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  14. Well Richard, I agree with you. The powers to be keep wanting to speed up the process, and for what. If it’s a purchase, it is 6-8 weeks before closing. If it’s a refinance, there still should not be any rush. They should let the experts, the certified appraisers do their job. Personally I have fired all lenders who do not want to give me the time I need to do an accurate, concise appraisal. And I am as busy as ever. The appraisers who will do these are the bottom feeders who can’t get business any other way, because they do a lousy appraisal. All you good appraisers keep up the good work.

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  15. Delegating the inspection to another party, not under the control of the appraiser (not a licensed trainee) is totally absurd. Your relying on the word of someone you never met or know. What about wells, septics, cisterns, springs, negative externalities, etc. Many AMCs are falsely telling appraisers that they have hundreds appraisers signed up to do these in the hopes of scaring you to join. Don’t fall for this! Stand your ground.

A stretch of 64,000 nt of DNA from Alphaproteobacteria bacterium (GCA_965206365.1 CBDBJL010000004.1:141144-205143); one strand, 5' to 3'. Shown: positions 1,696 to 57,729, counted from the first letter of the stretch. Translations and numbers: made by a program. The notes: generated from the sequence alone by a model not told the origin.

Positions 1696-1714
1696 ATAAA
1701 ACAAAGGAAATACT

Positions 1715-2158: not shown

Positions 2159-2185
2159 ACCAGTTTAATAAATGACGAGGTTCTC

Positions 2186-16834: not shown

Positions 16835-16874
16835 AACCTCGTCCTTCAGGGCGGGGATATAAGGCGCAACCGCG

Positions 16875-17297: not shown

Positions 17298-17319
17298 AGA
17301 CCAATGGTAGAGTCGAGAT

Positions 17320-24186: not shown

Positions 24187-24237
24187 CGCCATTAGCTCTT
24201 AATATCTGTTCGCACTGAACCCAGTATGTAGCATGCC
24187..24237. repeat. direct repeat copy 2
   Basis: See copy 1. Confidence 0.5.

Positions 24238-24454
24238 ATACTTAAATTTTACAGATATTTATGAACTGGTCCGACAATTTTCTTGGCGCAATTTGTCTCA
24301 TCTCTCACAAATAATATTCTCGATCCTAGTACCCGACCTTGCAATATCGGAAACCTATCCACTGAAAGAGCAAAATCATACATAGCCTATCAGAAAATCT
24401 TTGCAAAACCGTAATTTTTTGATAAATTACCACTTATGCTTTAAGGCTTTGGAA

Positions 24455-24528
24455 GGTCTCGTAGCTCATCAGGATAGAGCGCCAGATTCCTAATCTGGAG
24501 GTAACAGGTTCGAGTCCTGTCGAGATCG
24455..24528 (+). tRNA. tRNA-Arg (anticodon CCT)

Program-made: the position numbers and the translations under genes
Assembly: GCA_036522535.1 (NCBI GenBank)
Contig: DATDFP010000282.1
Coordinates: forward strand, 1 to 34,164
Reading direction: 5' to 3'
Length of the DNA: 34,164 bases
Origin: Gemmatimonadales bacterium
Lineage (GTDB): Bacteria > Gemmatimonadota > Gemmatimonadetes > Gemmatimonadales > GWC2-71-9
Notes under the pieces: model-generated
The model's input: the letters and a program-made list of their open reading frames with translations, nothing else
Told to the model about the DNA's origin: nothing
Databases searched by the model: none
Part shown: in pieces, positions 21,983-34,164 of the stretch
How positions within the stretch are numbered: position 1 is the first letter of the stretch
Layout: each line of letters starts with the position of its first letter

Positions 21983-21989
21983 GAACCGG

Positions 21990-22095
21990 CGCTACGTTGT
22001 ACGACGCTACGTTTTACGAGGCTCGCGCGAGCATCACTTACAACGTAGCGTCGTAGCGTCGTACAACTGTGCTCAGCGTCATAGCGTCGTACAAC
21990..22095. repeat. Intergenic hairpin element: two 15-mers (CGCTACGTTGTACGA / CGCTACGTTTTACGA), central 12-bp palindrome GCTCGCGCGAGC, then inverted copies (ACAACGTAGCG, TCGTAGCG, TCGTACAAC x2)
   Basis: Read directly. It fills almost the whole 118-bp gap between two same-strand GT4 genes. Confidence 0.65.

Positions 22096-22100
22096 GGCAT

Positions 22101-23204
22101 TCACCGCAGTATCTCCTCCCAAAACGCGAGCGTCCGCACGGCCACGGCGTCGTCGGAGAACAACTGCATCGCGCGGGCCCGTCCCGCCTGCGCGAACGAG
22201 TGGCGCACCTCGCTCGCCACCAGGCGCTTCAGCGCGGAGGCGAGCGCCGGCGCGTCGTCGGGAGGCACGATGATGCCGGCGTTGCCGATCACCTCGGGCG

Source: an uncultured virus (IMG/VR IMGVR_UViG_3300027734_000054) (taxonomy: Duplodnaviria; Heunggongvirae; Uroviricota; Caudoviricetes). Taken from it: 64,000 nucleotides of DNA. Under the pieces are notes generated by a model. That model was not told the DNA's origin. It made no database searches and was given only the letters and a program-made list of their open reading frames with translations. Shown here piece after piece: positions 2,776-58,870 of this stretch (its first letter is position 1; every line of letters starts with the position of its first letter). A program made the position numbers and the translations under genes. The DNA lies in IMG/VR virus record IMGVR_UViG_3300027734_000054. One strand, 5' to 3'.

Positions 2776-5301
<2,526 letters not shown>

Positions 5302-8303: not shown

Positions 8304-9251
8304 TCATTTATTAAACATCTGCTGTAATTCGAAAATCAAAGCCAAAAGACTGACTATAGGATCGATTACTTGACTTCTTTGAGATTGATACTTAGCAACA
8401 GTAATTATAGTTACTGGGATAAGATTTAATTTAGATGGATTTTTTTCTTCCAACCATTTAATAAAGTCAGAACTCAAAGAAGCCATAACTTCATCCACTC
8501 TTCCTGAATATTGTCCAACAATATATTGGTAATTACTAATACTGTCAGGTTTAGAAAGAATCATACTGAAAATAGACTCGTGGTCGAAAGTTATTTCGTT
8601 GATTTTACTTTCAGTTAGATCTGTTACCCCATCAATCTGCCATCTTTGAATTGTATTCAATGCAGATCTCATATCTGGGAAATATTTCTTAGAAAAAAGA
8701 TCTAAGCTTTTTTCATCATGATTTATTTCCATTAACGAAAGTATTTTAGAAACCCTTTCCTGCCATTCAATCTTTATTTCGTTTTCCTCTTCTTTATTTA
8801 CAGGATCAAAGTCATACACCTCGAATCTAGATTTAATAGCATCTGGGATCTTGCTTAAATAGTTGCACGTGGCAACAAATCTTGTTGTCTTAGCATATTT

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  16. Thank you. This is precisely what I’ve been arguing with those that support this nonsensical approach to appraising. The key argument being that if a substantial error is committed, and you are called to task, your State disciplinary board is not going to accept “I didn’t even look at the property! (or) That’s what the client asked for!” as a legitimate defense. The appraiser determines the appropriate scope of work. Period. No exceptions.

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  17. Fantastic article Richard! I have felt the same way ever since these types of products have come on the scene. Thanks for an excellent article! Your article touches on many of the reasons why I do not perform these types of appraisals.